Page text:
The phantom zone, the parallax, the upside down—there is a rich cultural history of exploring in-between places. Through her latest, Titanic Rising, Weyes Blood (a.k.a. Natalie Mering) has, too, designed her own universe to soulfully navigate life’s mysteries. Maneuvering through a space-time continuum, she intriguingly plays the role of melodic, sometimes melancholic, anthropologist.
Tellingly, Mering classifies Titanic Rising as the Kinks meet WWII or Bob Seger meets Enya. The latter captures the album’s willful expansiveness (“You can tell there’s not a guy pulling the strings in Enya’s studio,” she notes, admiringly). The former relays her imperative to connect with listeners. “The clarity of Bob Seger is unmistakable. I’m a big fan of conversational songwriting,” she adds. “I just try to do that in a way that uses abstract imagery as well.”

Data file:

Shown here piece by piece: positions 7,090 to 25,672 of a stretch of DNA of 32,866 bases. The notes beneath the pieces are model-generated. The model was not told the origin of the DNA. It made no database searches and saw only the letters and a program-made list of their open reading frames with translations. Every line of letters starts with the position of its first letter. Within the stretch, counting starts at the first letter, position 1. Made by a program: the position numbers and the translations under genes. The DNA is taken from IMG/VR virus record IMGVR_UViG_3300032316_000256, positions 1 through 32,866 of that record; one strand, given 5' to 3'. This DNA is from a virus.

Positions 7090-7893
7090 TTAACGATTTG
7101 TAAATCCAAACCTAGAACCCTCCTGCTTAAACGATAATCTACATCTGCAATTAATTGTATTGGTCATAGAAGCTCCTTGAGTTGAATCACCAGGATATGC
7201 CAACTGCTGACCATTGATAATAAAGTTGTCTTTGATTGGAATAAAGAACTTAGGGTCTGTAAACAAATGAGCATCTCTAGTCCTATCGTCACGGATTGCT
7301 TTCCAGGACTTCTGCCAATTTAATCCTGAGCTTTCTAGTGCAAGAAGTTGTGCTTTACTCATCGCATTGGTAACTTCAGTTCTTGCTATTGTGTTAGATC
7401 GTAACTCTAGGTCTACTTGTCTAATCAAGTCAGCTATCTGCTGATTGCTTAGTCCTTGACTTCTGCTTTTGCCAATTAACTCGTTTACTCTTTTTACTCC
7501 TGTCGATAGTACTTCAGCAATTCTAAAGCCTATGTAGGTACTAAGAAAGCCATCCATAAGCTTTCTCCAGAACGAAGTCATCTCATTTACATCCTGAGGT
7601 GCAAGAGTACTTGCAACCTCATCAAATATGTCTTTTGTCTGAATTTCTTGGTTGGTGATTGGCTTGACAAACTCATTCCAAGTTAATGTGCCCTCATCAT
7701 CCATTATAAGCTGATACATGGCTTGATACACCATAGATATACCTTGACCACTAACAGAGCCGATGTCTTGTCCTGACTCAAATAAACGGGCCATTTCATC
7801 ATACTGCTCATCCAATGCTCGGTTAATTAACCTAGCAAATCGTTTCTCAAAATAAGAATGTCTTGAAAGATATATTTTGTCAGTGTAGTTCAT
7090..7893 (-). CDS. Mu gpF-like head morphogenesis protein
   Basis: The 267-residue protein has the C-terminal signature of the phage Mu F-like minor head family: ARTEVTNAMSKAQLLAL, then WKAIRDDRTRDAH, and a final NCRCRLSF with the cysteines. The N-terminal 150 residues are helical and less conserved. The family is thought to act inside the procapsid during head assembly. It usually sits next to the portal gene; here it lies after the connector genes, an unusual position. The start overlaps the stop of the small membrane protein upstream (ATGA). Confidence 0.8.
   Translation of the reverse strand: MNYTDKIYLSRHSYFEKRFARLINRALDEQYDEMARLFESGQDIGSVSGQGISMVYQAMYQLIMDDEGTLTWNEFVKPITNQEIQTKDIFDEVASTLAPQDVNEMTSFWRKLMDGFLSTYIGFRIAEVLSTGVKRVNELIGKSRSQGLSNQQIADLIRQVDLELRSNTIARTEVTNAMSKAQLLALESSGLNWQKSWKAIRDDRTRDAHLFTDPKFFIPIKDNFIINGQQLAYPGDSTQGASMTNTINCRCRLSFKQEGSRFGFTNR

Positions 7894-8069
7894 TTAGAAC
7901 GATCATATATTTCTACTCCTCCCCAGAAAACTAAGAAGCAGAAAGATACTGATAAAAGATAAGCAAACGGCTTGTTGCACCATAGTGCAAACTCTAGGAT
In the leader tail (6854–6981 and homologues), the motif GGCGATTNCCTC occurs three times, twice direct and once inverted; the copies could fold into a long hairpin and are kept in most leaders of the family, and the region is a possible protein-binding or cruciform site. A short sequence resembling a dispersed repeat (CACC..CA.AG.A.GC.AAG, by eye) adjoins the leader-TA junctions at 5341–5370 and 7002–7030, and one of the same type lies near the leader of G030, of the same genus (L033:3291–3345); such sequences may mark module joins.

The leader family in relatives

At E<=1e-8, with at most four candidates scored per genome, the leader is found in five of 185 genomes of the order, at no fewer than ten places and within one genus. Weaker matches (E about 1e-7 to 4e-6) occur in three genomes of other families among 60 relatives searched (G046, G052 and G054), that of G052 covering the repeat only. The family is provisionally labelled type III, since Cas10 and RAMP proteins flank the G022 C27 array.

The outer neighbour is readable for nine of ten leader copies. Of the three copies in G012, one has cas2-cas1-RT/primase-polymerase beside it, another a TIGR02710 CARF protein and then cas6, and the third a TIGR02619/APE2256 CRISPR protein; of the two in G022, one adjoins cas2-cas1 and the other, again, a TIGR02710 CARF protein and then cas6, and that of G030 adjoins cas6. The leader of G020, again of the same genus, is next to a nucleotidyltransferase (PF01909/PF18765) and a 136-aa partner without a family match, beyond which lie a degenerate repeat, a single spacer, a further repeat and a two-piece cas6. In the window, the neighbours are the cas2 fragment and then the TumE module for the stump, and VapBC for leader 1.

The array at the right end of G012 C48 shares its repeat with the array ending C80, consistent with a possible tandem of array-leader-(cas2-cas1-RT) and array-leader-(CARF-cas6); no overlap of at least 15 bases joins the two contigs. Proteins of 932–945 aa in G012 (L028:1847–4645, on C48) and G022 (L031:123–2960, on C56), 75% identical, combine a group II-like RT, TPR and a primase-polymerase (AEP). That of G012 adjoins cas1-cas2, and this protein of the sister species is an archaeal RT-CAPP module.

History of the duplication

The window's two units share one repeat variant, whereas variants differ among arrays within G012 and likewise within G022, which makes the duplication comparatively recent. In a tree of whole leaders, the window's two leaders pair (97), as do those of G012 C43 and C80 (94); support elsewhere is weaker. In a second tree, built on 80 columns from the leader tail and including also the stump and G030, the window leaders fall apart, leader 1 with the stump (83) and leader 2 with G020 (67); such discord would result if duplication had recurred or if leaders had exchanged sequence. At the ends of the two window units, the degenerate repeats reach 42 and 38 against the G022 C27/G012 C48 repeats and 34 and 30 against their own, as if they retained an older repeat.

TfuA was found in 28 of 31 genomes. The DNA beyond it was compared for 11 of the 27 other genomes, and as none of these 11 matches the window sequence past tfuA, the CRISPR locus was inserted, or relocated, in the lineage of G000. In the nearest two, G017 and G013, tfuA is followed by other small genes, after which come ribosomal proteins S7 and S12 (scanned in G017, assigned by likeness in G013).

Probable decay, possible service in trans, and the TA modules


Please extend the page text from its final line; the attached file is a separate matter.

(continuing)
“An album is like a Rubik’s Cube,” she says. “Sometimes you get all the dimensions—the lyrics, the melody, the production—to line up. I try to be futuristic and ancient at once, which is a difficult alchemy. It’s taken a lot of different tries to get it right.” As concept-album as it may sound, it’s also a devoted exercise in realism, albeit occasionally magical. Here, the throwback-cinema grandeur of “A Lot’s Gonna Change” gracefully coexists with the otherworldly title track, an ominous instrumental.
Titanic Rising, written and recorded during the first half of 2018, is the culmination of three albums and years of touring: stronger chops and ballsier decisions. It’s an achievement in transcendent vocals and levitating arrangements—one she could reach only by flying under the radar for so many years. “I used to want to belong,” says the L.A. based musician. “I realized I had to forge my own path. Nobody was going to do that for me. That was liberating. I became a Joan of Arc solo musician.”
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